• In 2004-05, NYC conducted a thorough study of the waste found in both residential and street bins. They learned that 35% of the waste NYC residents produce can be recycled at the curb as pictured on the above pie chart. Of that 35% potentially-recyclable material, only half of it actually makes it to an appropriate bin, leading to a 17% "capture rate." In other words, New York City creates a resource from 17% of its waste.
  • 13% of NYC waste is composed of "other plastics," some of which are indeed recyclable but not collected by the city. (It is possible that the range of plastics NYC can recycle will increase in Fall 20012, when a "materials recovery facility" in south Brooklyn is expected to be completed.) Another 28% is organic matter that could be composted. As it is, all that rotting fruit makes landfills feel gassy, releasing harmful methane and CO2 into the atmosphere if not captured.

So what can we do, humble and concerned citizens, to see that more of our trash doesn't just go to waste?

  1. REDUCE! Let's face it. Much of the stuff we buy is, well, just stuff. The best way to prevent our lives from becoming cluttered is not to accumulate stuff in the first place. Consider also how you might reduce your intake of materials; you could buy a fruit with its own packaging (like an orange or banana) instead of something in plastic, carry a reusable coffee mug or water bottle and, for goodness sake, bring your own bag.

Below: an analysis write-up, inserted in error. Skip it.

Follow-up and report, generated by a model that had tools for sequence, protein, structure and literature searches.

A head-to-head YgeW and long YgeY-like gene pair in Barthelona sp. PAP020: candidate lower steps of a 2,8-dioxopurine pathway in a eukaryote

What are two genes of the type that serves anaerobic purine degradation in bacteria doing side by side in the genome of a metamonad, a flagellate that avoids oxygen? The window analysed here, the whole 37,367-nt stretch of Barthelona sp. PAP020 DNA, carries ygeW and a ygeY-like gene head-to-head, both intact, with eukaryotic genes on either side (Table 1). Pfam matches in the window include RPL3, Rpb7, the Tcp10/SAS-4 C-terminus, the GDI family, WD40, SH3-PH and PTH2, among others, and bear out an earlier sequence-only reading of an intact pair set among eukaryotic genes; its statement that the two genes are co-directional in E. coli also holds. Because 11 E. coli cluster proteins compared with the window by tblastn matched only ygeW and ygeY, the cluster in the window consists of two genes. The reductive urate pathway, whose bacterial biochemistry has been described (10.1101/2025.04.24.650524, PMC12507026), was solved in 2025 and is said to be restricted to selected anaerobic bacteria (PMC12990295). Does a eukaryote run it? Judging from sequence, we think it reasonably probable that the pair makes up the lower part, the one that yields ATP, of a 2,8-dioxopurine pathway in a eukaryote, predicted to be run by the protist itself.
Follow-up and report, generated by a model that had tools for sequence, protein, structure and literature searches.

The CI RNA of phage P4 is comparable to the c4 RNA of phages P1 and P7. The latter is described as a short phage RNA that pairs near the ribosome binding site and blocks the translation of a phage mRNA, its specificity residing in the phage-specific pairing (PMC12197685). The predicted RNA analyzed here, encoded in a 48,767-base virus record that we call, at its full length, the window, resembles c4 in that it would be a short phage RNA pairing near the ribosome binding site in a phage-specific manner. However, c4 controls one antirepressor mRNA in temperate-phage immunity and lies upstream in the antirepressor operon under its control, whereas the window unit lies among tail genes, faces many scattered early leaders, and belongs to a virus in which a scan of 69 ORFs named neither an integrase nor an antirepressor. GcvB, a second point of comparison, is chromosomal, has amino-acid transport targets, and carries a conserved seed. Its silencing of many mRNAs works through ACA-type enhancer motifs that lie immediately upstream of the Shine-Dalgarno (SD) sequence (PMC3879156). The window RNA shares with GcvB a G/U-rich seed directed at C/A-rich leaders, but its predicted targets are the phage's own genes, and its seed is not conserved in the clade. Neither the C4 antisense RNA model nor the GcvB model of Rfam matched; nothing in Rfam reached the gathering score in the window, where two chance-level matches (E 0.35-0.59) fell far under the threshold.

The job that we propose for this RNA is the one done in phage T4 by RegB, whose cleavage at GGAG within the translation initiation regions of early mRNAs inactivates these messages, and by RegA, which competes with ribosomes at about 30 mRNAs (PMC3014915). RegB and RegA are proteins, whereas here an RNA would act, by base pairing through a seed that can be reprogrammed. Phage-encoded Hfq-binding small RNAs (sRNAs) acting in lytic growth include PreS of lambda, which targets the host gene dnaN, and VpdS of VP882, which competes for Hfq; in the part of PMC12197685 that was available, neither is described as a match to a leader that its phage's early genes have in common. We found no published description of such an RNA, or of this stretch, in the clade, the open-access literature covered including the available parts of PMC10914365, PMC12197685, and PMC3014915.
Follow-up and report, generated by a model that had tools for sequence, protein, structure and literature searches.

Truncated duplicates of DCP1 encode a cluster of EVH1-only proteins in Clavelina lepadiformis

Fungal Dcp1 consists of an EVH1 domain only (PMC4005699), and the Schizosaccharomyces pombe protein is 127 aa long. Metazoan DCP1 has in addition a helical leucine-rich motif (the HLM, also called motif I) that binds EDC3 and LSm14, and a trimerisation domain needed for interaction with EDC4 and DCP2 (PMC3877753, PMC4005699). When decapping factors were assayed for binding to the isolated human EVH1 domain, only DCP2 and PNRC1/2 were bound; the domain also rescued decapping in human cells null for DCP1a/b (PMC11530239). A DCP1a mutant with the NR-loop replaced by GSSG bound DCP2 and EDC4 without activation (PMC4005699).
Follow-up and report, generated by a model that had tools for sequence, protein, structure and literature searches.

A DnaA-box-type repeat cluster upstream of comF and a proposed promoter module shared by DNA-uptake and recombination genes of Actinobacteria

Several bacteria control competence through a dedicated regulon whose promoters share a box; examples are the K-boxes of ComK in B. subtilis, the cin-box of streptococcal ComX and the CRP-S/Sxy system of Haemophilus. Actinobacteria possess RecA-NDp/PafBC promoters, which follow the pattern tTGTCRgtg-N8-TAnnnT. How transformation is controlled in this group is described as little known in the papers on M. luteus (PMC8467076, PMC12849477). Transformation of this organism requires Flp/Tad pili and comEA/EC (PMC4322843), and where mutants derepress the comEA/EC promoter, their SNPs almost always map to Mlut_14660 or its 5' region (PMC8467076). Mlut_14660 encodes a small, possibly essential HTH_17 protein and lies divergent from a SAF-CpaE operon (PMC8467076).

2. REUSE! The city has a number of programs to help businesses and individuals pass on materials--from furniture to fabric--that they no longer need, preventing landfill waste, raw material manufacturing, and reducing cost. For small-scale, interpersonal trading, consider holding a swap meet or posting on Craigslist or Freecycle. Get creative! Here are 6 ways to reuse that plastic bottle, from crafty coin purses to designer lamps!
  3. RECYCLE! Let's face it: one only needs so many plastic bottle lamps. So the rest go in the recycling bin. But which bin? Inside a bag, too? And should that bag be blue or clear? You already know that recycling rules, now let's learn some regulations (see a complete list from the city here).
  • The machines at the recycling facility can automatically screen out items that are not recyclable, but it takes time and energy. By carefully sorting at home, you make the whole process more efficient and ensure that resources are spent on recycling, not clearing out the waste traps.
  • If you have clearly labeled bins, you don't need the bags! Trash goes in the trash bin, papers in the green-labeled bin, and metal/glass/plastic in the blue-labeled bin. (Call 311 to order your own decals, or click here.) If you must bag, don't be fooled by those blue "recycling bags" in the store--NYC mandates recycling goes in clear bags.